Fenceline Weaning for Beef Cattle

February 18, 2008 Print Friendly and PDF

Weaning time can be stressful for cows and calves. Under traditional weaning systems, changes in environment, diet composition, and pathogen exposure can reduce animal performance and result in health problems. In response to these challenges, interest in fenceline weaning has grown in recent years.

Fenceline weaning is a management system in which the calves are removed from their dams but are allowed to see, hear, and smell their dams. Depending on the fencing used, physical contact may also be possible. It has the potential to reduce stress related to transport, changes in environment, and diet adaptation. Fenceline weaning may also reduce labor demands and costs associated with drylot facilities.


  1. Fencing should be substantial enough to prevent the calves from nursing and keep the cows and calves separated. Producers have used various combinations of electric and non-electric, and high-tensile, barbed, and woven wire fencing. Cattle that have not been exposed to electric fencing either woven wire or at least 5 strands of electric fencing will likely be necessary. If the cattle are familiar with electric fencing, three strands will likely be sufficient. Yet another option is to utilize 4 to 5 strands of barbed wire combined with a single strand of electric fence offset from the main fence.
  2. Pasture the cows and calves together in the pasture where the calves will be after weaning. One week in the pasture allows time for the calves to become familiar with the fences and water source. At weaning time, return the calves to the same pasture and move the cows to the adjoining pasture.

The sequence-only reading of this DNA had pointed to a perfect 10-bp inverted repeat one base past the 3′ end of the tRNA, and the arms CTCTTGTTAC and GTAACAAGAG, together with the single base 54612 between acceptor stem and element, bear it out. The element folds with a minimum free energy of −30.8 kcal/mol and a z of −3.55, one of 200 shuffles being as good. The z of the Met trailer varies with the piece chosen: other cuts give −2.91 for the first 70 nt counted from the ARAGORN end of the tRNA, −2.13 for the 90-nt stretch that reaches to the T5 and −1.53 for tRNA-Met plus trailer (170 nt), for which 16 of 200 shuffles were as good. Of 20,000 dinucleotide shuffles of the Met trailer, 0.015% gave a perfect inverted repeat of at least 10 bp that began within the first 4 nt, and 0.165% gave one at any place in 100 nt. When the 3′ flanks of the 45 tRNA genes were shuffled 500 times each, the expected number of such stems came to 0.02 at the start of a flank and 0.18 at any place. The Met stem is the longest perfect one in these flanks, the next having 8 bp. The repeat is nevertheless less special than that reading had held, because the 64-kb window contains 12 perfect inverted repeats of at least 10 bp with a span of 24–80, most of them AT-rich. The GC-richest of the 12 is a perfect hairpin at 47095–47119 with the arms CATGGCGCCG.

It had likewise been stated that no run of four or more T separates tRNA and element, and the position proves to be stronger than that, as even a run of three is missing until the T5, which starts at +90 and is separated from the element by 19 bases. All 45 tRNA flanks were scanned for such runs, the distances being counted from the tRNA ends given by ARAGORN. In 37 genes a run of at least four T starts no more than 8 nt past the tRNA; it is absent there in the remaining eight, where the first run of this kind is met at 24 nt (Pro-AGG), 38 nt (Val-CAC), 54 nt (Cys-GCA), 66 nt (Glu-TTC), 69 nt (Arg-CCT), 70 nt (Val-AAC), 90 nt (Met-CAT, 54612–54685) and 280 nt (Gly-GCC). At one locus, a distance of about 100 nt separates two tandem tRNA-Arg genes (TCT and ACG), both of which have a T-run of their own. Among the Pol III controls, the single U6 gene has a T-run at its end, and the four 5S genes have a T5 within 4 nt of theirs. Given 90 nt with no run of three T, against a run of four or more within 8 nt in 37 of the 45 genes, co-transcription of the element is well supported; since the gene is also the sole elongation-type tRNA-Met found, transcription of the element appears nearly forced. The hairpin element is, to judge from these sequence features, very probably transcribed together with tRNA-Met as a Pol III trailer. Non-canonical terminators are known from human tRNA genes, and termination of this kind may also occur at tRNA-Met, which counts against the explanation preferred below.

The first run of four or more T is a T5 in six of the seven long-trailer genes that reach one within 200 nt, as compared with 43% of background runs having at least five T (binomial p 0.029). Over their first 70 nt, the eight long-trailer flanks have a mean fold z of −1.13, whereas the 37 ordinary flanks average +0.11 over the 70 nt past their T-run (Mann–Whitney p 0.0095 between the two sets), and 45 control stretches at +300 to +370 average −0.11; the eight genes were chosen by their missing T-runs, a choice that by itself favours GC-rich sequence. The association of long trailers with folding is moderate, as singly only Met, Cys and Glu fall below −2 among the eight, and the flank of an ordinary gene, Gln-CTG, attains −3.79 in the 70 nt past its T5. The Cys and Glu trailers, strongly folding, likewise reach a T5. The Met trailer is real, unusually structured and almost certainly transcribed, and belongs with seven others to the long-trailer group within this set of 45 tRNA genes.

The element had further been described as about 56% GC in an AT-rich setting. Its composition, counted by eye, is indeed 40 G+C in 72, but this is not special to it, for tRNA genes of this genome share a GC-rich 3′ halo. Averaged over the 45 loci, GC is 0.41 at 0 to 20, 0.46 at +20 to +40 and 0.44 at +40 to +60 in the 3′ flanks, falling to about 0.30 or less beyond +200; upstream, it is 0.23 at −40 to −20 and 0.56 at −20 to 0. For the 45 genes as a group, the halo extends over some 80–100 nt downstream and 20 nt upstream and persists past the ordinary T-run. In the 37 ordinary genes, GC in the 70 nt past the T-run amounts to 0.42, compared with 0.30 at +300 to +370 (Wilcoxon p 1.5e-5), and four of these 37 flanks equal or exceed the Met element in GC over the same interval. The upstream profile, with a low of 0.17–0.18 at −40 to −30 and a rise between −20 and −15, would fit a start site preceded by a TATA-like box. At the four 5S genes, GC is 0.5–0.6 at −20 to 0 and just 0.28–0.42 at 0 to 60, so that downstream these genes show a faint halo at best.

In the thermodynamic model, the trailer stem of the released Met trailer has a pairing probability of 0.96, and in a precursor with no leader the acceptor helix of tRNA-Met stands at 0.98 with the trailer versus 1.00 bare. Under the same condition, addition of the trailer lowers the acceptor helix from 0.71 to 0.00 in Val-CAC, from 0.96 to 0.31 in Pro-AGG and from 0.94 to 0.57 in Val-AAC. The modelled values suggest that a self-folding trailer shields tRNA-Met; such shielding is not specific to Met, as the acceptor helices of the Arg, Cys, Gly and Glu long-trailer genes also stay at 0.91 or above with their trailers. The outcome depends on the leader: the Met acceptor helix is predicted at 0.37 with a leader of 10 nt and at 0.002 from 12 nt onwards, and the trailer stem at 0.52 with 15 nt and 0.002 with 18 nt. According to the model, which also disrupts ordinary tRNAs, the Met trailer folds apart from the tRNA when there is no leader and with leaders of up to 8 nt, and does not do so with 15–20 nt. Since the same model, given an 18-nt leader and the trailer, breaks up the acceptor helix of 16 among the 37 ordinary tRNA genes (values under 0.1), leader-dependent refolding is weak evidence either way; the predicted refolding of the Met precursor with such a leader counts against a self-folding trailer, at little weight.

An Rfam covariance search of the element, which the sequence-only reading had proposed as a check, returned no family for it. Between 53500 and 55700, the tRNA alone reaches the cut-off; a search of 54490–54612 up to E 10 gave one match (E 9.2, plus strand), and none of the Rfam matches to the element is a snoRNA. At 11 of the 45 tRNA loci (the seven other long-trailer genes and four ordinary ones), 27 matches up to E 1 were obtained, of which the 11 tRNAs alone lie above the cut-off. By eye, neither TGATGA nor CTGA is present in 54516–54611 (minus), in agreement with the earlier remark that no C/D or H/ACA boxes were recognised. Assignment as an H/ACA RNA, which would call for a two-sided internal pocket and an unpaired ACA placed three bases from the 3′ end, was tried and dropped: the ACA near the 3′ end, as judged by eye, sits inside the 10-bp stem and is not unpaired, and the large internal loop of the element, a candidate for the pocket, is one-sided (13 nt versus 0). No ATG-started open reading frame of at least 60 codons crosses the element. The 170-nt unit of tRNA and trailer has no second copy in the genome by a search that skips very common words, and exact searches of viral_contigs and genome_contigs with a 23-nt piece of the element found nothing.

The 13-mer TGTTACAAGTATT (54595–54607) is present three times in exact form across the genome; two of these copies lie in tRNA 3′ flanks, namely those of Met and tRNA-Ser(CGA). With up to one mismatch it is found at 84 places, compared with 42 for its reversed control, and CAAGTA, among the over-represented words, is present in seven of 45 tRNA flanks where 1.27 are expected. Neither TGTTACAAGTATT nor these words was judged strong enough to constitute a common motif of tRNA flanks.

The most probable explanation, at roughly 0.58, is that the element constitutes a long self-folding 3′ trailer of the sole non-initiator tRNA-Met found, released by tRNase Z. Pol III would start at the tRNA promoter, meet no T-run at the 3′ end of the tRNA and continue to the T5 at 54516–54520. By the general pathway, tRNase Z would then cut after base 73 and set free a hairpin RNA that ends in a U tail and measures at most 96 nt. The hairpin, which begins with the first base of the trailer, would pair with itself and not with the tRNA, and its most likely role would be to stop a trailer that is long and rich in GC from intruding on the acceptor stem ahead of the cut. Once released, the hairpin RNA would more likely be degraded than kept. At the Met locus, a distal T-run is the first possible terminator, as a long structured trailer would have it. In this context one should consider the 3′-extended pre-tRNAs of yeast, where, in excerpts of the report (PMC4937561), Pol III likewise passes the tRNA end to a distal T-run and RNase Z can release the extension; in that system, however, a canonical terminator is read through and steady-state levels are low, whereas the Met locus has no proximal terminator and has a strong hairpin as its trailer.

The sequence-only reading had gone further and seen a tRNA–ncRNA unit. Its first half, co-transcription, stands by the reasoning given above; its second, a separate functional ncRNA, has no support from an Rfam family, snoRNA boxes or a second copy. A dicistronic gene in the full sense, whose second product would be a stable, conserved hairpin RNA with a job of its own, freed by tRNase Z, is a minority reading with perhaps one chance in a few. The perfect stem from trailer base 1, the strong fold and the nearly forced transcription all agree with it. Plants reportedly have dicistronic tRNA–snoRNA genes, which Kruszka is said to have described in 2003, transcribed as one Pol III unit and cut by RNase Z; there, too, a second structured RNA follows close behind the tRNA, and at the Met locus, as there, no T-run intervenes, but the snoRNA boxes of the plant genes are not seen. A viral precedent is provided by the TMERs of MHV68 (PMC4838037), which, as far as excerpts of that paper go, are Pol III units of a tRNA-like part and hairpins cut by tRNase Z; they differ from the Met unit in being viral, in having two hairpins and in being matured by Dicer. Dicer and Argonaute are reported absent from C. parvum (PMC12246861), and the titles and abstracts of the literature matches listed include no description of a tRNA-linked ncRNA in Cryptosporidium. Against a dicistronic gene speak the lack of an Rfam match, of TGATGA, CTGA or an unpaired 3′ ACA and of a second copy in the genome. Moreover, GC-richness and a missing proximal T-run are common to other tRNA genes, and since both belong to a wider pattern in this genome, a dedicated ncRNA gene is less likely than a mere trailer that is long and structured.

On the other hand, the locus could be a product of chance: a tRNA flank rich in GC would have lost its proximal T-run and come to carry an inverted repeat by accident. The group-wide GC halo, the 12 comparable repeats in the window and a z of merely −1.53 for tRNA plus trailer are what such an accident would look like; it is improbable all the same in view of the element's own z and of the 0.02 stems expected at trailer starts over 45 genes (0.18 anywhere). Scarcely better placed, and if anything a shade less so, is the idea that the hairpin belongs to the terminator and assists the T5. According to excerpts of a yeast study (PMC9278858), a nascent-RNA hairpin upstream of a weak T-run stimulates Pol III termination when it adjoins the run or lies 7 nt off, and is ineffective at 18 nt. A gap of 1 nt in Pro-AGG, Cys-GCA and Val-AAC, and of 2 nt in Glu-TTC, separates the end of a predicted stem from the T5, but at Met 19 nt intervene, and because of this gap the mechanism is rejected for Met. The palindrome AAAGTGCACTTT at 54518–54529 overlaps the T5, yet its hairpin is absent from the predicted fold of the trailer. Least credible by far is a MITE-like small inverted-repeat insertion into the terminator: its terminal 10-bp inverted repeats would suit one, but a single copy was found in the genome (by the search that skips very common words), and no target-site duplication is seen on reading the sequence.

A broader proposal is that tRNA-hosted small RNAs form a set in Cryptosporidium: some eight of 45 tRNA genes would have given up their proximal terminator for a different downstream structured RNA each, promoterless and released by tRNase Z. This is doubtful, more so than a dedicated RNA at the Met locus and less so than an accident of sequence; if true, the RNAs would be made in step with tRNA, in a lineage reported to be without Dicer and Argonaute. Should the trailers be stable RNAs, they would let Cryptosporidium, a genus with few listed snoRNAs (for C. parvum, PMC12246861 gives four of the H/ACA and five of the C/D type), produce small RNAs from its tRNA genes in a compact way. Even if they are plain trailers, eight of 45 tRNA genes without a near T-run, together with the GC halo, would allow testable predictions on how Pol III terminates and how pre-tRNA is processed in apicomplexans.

3. Some producers have found it useful to use a yearling or a cow without a calf in the weaning pasture to lead the calves to the water source.
  4. Performance of the weaned calves is highly dependent on forage quality and quantity. Options to provide high quality forage in the weaning pasture are:
    1. Graze early in the season and allow adequate re-growth prior to weaning,
    2. Harvest hay and then graze at weaning time.
    3. Plant ryegrass, small grains or other annual forages to provide high quality forage.
  5. Fenceline weaning fits well into a management system where maximize gain is not important (replacement heifer development or backgrounding calves).
  6. The need for supplementation of calves weaned on pasture depends on forage quality and quantity and the desired average daily gain.

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This work is supported by the USDA National Institute of Food and Agriculture, New Technologies for Ag Extension project.